Danish precedent
The first large-scale hedging activity took place in Denmark in 2001. Danish insurers and pension funds offered guaranteed returns of 4.5% on pension contracts until 1994. Allowing a 0.5% margin for costs, the yield guaranteed was 5%. Falling bond yields, exacerbated by a change in tax rules, reduced risk-free rates below 5% from 1992 onwards.
In addition, Danish funds held approximately E35bn of fixed-rate callable mortgage bonds as one of the main assets to back around E70bn of liabilities. As yields fell, the mortgages were prepaid, forcing funds to reinvest at low rates. By 2001, falling equity markets and bond yields put solvency under severe pressure.
The industry initially hoped that the government would come to the rescue, since their tax changes had heightened the problem. Instead, the government’s response was to promise policyholders that guarantees would be met, offering little comfort to the existing management and shareholders.
The regulator increased the pressure, introducing a market-related yield for valuing liabilities and, in the second quarter of 2001, solvency stress tests of a further fall in bond yields and equity values.
Consequently, Danish funds engaged in large volumes of hedging from mid 2001. This was typically in the form of CMS floors, an interest-rate option providing a floor on future reinvestment returns. The cost of the hedge was less than the cost of raising additional capital to withstand the regulatory stress test. Once the first large hedging programme became public, most funds felt compelled to follow, prompted by the need to satisfy regulatory tests at year-end 2001.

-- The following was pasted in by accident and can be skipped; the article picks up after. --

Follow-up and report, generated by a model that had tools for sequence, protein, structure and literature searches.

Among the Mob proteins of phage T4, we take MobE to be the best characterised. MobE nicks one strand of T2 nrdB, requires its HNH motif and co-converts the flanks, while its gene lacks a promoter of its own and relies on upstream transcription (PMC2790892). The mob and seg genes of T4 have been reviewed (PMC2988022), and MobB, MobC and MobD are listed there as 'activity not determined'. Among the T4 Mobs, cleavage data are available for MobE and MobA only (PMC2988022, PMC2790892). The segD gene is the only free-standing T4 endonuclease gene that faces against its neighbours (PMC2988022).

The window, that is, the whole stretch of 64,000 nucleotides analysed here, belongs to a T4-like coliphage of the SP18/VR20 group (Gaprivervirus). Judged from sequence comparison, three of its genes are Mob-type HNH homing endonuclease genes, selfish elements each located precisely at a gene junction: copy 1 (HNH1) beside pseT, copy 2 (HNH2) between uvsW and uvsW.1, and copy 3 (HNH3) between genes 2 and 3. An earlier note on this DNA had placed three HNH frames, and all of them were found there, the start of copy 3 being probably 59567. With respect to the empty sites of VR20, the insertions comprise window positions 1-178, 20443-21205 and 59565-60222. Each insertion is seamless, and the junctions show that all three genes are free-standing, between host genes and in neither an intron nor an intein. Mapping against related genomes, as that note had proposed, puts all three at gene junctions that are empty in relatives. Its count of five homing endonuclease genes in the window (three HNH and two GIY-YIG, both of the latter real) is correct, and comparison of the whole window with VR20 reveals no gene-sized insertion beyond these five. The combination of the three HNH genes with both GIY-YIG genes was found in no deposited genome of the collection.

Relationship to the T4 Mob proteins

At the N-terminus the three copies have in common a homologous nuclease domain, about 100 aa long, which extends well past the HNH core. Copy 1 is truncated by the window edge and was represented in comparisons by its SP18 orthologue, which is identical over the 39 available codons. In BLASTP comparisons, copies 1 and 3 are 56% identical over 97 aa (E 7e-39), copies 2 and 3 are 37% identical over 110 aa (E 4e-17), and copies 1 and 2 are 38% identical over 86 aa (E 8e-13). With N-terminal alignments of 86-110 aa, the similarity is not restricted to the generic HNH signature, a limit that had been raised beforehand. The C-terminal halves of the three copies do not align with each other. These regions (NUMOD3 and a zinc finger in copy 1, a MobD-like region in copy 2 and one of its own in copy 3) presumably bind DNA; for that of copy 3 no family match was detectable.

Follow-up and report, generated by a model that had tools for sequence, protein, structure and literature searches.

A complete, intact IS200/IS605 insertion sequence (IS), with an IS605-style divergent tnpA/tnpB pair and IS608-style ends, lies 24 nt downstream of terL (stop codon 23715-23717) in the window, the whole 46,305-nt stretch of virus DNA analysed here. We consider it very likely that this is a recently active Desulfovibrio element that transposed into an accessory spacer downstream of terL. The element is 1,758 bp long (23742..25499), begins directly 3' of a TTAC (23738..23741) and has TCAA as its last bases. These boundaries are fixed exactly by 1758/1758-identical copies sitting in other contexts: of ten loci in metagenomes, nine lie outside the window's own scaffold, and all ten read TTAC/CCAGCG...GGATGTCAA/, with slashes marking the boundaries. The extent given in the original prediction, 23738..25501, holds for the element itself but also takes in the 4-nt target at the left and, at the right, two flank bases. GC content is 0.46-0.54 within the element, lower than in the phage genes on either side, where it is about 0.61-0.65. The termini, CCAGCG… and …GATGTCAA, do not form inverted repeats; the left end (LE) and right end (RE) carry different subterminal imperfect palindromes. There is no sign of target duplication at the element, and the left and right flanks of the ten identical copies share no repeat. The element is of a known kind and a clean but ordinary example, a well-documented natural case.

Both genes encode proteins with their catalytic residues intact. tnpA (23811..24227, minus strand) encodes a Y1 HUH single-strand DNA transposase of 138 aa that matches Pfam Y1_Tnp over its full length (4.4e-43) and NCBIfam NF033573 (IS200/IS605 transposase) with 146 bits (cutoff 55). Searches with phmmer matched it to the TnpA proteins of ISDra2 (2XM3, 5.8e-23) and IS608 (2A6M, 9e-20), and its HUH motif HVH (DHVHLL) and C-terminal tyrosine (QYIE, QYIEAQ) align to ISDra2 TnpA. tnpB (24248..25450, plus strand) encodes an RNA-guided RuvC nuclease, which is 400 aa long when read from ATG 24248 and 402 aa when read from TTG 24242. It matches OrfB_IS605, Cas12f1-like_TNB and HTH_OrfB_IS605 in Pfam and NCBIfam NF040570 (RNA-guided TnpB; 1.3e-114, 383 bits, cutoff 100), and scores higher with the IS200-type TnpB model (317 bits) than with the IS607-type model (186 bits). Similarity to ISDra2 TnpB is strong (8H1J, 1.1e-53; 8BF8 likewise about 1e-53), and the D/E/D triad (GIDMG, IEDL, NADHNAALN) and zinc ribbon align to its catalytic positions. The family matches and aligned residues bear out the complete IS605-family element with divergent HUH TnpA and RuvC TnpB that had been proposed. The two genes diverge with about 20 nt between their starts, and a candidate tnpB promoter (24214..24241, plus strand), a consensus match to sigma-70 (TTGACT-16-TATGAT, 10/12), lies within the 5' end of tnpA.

Hedging was mostly in euros, as the Danish krone market lacked the necessary capacity. Even in the euromarket, hedging had a marked impact in late 2001, forcing down long-dated yields and causing a spike in implied volatility, a factor in determining interest rate option prices (see figure 1 across).
Lessons from Denmark are:
– Avoid doubling up Asset portfolio exposures can add to risks, rather than offsetting liability exposures.
– When the going gets tough, the regulator gets going The regulator responded to the pressure on funds by tightening the solvency rules, rather than relaxing them, ultimately forcing companies to hedge.
– Winners act first Hedging activity had a noticeable market impact, increasing the cost of future hedges. The funds that waited until they were forced to hedge paid a high price.

Current regulatory approach